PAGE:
17. Longer rearward facing travelling is safer, does this mean current ECE R44/04 car seats like Pearl or Axiss are not safe anymore?
No, all Maxi-Cosi car seats are safe and meet all current safety standards and requirements. These products are also tested by independent test institutes like STIWA, ADAC, ANWB, ÖAMTC and TCS. Many of these tests also include side-impact parameters.
In addition, Maxi-Cosi has established an advanced Technical Center in France which also includes a crash sledge for crash testing. In this centre, all products are being tested extensively on safety performance by Dorel, also on frontal and side- impact and misuse.
The current R44/04 car seats are totally safe while the newer i-Size car seats that allow rearward facing longer can be called even safer.
18. Why does the legislation not use minimal length for rearward facing but 15 months instead?
This is because research has shown that on average the neck of a 15-month-old child is developed enough to withstand the forces of a forward collision. This is based on the child’s age and not his stature or weight.
Although transporting rearward facing is required to at least until 15 months, Maxi-Cosi recommends transporting children rearward facing as long as possible.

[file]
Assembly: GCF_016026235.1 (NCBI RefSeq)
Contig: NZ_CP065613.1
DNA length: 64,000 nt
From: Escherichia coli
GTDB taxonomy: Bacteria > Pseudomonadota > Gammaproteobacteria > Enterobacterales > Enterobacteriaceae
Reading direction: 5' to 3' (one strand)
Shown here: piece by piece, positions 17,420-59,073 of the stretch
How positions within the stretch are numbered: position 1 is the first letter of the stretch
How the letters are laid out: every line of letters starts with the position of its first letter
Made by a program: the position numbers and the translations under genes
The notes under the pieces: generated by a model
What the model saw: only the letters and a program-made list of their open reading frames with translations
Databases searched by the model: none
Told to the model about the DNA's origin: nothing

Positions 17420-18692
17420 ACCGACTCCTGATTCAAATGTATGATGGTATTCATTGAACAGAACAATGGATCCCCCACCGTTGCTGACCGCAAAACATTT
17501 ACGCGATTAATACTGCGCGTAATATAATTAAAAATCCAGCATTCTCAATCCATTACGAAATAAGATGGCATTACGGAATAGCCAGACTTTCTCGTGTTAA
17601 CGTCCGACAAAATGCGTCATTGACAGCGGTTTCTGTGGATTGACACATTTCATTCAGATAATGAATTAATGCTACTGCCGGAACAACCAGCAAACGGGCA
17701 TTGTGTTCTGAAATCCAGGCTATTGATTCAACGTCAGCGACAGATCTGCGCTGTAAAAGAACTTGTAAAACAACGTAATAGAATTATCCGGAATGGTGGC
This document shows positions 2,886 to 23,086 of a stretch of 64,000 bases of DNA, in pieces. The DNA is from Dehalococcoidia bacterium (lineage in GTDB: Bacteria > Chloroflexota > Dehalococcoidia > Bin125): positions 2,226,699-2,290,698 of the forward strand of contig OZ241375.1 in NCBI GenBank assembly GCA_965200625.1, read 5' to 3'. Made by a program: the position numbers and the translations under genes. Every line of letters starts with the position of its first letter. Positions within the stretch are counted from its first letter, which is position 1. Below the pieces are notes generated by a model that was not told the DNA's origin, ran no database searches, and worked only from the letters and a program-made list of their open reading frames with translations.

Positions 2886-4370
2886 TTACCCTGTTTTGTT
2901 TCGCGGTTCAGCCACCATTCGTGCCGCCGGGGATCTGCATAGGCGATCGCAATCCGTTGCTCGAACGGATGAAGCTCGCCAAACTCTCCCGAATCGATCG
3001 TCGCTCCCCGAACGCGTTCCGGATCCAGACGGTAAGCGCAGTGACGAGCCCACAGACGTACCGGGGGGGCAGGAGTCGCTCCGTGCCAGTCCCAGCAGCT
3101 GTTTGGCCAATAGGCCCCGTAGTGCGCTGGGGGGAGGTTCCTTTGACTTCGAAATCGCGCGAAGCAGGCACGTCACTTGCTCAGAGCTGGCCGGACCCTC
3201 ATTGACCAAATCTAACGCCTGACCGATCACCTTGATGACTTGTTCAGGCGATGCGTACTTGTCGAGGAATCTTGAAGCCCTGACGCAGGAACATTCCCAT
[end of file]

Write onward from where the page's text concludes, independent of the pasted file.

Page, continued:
19. Why until minimally 15 months rearward facing? Why not 4 years?
i-Size legislation dictates to travel rearward facing up to minimum 15 months because, until this age, the baby’s neck is not yet developed enough to withstand the impulsive force of an average frontal collision because of its relatively heavy head.
As from 15 months on, the neck is sufficiently developed and thus withstands the forces in forward-collision better. The biggest leap in safety enhancement can be achieved by prolonging rearward facing travelling until 15 months (compared to 9 months in many cases).
This being said, it is important to know that Maxi-Cosi strongly recommends using car seats as long as possible in a rearward facing mode. Many of Maxi-Cosi’s newest car seats allow rearward facing travelling up until 4 years!
20. Why is longer rearward facing travelling more common in Scandinavia compared to the rest of Europe?
This is mainly due to cultural differences. In Scandinavian countries, the level of safety is a crucial factor. Compared to Scandinavia other European countries also value other elements like comfort and ease of use.